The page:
In the forecourt of St Mary’s Cathedral, Shane Foley, wanders across the square carrying a flyer. Its midday and he’s hungry.
Usually, at this time of day he’s emerging from his “hidey-ho” in Martin Place waiting for a food truck for a feed.
But today is different: the Archdiocese of Sydney is hosting its fifth annual Street Feast.
For those on the margins, like Shane, it’s the highlight of his year.
The annual Street Feast on 17 November was held to celebrate the seventh World Day of the Poor, with the theme, “Do not turn your face away from the poor” (Tobit 4:7).
It’s a day where 300 of Sydney’s homeless are treated to a day of food, music, and camaraderie. Fittingly the date is 19 November, World Day of the Poor.
“This day makes me feel happy,” he said, watching musicians tune up and the food being prepared.
“The Catholic church and all the organisations putting on a feed for us. Yeah, it’s good. It’s a good feeling,” said Shane.
Now in its fifth year, Sydney’s 2023 Street Feast, a response to Pope Francis’ World Day of the Poor, was organised by the Justice and Peace office of the Archdiocese of Sydney.
Supporting the archdiocese again this year are partner the PAYCE Foundation and volunteers from the St Merkorious Charity.
“We call it a Street Feast on purpose because it is a feast. When you see the meals come out prepared by St Merkorious Charity it is a proper Lebanese feast!” said Dominic Sullivan from the PAYCE Foundation.
Archbishop Anthony Fisher OP, who dined with those present and joined in with the choir, spoke of his recent visit to Rome.
Pope Francis, while sharing a meal with the homeless, asked what they truly wanted.
“They wanted love. They wanted to be loved,” the archbishop said.
“I want to say to the people doing it tough in Sydney, God and his church love you. We love you.”
Also in attendance were representatives from the many service providers that feed, shelter and clothe thousands of Sydney’s marginalised every day.
Helping deliver the food to the guests were 100 volunteers from parishes across Sydney.
Charged with the enormous task of cooking 1000 chicken skewers, kofta and sausages, were the volunteers from the St Merkorious Charity of South Strathfield, a group that makes 4,000 meals a week for the elderly, homeless and disabled.
“We want people to connect and feel that they are loved,” said St Merkorious Charity president and founder, Paula Nicolas.
“We’re all the same. Theres no discrimination.
“We give them hope and something to look forward to. It’s a great day to share our fortunes with those that are less fortunate than us.”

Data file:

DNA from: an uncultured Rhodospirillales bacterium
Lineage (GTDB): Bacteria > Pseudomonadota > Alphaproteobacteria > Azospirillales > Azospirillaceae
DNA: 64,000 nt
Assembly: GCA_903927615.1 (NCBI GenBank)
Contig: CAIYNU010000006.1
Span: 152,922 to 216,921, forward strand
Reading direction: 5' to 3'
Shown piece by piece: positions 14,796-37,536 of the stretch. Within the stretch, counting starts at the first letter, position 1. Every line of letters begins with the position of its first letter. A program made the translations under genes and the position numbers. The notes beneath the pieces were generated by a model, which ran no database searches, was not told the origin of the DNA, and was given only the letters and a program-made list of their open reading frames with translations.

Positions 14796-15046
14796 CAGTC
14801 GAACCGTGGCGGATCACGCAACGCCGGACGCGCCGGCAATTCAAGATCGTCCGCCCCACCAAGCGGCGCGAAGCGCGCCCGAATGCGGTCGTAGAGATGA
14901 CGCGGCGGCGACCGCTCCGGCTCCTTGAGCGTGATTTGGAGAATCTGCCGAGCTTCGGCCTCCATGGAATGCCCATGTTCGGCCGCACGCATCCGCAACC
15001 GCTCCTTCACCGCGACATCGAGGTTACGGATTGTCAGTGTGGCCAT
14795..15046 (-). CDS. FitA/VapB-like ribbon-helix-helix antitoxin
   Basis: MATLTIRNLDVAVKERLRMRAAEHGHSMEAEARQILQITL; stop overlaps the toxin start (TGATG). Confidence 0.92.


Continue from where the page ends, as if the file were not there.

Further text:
People like 55-year-old indigenous man, Cecil.
Cecil’s world fell apart three years ago when he found himself out of work and living rough on the streets of Surry Hills. Most days he feels invisible.
“You can feel lost. It’s hard. It’s a hard life in a big city like Sydney,” Cecil said.
But today is Cecil’s first Street Feast experience and he says it’s nice to feel “seen” for the first time in a long time. He hasn’t stopped smiling.
“It’s nice. It’s nice to have a yarn to people who are in the same boat as you. Its nice to feel normal. I’d like to see more events like this. It would help heaps of people,” said Cecil.
That was the goal of Fr Peter Smith when he first came up with the idea for Street Feast as part of the Justice and Peace Office in the Sydney Archdiocese.
“In February 2018, I was inspired by Pope Francis when he announced World Day of the Poor,” Fr Peter said.
“And I was thinking. ‘What can we do in the archdiocese?’”
“I thought, why not come together in the forecourt of St Mary’s and help the struggling in our own city with a sausage sizzle.
“Well, it’s become a lot bigger than a sausage sizzle!”
For Bishop Daniel Meagher, who also sat and dined with the homeless, said this day was about much more than just food.
“It’s the fellowship and the company and the singing and the laughter and the love—we need love in our hearts. That’s what the real gift of today is,” he said.
With the Diocese of Parramatta now hosting their own Street Feast, Fr Peter hopes to see the idea catch on in every diocese in Australia.
“I’d like to see this happening in every single diocese on this weekend, the World Day of the Poor,” he said.
“It doesn’t have to be this big but what it does have to have is a love and concern for the poor, outreaching to them and bringing people together.”